County voters will decide this fall if the currently elected controller position should instead be converted into a two-term appointment, a decision reached after county supervisors slightly quibbled over the job’s preferred qualifications.
The Board of Supervisors unanimously agreed yesterday to place on the Nov. 6 ballot a charter change amendment that, if passed by a two-thirds majority, will change the controller position to an appointed position. The controller is essentially the county’s top fiscal officer and, according to Supervisor Don Horsley, more an administrative than policy-making position.
If passed, the measure will add San Mateo County to nine of 58 other counties with appointed controllers. Of those, six have consolidated departments of finance including the controller, treasurer and tax collector and nearly all have switched fairly recently, said County Counsel John Beiers.
Supervisor Dave Pine suggested looking at a similar consolidation in the future but kept most of his focus yesterday on a proposed requirement that the controller have a degree in accounting or equivalent. Pine maintained a perfectly acceptable applicant could have an actual degree in something like engineering but have developed solid financial skills as a CFO or similar job during his or her career.
Supervisor Carole Groom, who submitted the charter change proposal along with Horsley, said the idea is opening the door to younger possibilities with "a combination of experience and new ideas rather than somebody 30 years into their career.”
Currently, the law holds that the controller must meet at least one of several criteria: be a certified public accountant; hold a baccalaureate degree in accounting or its equivalent and not less than three years experience within the last five years in a senior management position in a public agency, private firm or nonprofit organization.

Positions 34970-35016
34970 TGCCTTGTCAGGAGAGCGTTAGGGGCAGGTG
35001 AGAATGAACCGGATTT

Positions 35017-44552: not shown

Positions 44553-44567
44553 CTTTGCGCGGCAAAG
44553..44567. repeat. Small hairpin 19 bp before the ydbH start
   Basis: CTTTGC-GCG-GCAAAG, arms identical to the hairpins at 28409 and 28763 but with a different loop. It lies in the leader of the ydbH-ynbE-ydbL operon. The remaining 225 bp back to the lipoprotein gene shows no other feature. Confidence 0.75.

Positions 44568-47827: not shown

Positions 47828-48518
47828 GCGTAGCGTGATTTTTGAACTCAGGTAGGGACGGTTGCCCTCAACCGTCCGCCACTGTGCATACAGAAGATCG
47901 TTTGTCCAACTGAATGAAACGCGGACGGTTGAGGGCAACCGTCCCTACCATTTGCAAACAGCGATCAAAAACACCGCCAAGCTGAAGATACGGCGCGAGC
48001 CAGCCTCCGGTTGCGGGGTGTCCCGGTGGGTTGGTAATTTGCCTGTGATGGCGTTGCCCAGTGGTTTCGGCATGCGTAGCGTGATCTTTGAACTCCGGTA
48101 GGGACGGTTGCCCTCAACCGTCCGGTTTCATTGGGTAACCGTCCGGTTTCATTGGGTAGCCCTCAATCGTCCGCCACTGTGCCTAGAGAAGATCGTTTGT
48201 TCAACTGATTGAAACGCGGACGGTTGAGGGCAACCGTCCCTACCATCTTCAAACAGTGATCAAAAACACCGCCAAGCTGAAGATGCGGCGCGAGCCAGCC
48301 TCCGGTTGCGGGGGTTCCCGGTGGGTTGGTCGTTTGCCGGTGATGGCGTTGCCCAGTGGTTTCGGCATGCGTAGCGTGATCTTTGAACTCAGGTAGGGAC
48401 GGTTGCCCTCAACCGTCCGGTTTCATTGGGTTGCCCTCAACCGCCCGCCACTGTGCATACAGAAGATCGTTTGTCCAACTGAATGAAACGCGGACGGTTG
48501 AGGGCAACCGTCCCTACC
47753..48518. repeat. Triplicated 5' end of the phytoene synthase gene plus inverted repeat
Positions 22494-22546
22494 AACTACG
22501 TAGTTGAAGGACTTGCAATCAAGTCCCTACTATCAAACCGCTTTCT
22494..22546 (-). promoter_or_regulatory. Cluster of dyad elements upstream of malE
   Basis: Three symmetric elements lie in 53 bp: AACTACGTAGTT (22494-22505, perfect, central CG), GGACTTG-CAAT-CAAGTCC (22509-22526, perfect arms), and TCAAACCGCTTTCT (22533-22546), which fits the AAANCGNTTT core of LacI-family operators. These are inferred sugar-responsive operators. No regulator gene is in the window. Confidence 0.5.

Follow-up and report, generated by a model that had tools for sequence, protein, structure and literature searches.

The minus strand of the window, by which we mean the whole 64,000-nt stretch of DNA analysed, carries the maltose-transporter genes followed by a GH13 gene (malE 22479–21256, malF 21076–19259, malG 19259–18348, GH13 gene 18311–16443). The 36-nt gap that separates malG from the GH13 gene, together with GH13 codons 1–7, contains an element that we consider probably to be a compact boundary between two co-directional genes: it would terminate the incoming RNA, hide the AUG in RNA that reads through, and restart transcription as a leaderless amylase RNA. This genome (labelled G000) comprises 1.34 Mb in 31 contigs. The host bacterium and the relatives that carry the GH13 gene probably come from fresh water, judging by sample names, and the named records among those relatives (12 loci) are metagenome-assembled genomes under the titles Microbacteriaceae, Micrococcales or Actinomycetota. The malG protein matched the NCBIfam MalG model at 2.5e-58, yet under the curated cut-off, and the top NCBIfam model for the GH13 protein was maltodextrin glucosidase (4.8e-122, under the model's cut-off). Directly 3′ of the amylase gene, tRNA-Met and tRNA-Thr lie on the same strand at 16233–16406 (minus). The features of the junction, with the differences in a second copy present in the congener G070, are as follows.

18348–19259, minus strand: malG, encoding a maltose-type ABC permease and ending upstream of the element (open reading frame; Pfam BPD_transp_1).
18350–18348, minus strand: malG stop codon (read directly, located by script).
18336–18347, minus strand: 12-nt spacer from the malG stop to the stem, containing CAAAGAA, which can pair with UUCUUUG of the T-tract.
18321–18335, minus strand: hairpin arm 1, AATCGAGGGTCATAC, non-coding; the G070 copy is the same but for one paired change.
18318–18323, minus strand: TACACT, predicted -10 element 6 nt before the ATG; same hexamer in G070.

The proposed change to appointment would exceed the minimum qualifications by adding that being designated a professional internal auditor and/or experience as a county auditor would not be sufficient. The committee also recommends candidates have knowledge of public administration principles and practices, budgeting, fiscal administration and effective personal administration, employee relations and management in a public setting.
Ultimately, Pine did not push the degree issue and the board unanimously directed Beiers to draw up the ordinance as proposed by Horsley and Groom. Namely, the charter change would allow the county manager to select a candidate for consideration with final approval by the Board of Supervisors. The controller would be an at-will employee who can be removed without cause or a public hearing as long as it comes with a county manager’s recommendation and a four-fifths vote of the board.
The Board of Supervisors began looking at the possibility of changing the office after naming assistant controller Bob Adler to the vacant position left by former controller Tom Huening’s mid-term resignation. In 2010, a 17-person Charter Review Committee recommended making both the controller and treasurer-tax collector appointed jobs but county supervisors unanimously rejected the idea.
Beiers will bring the ordinance back for a vote at the July 10 meeting. Placing the measure on the ballot will cost approximately $40,000.
Michelle Durand can be reached by email: firstname.lastname@example.org or by phone: (650) 344-5200 ext. 102.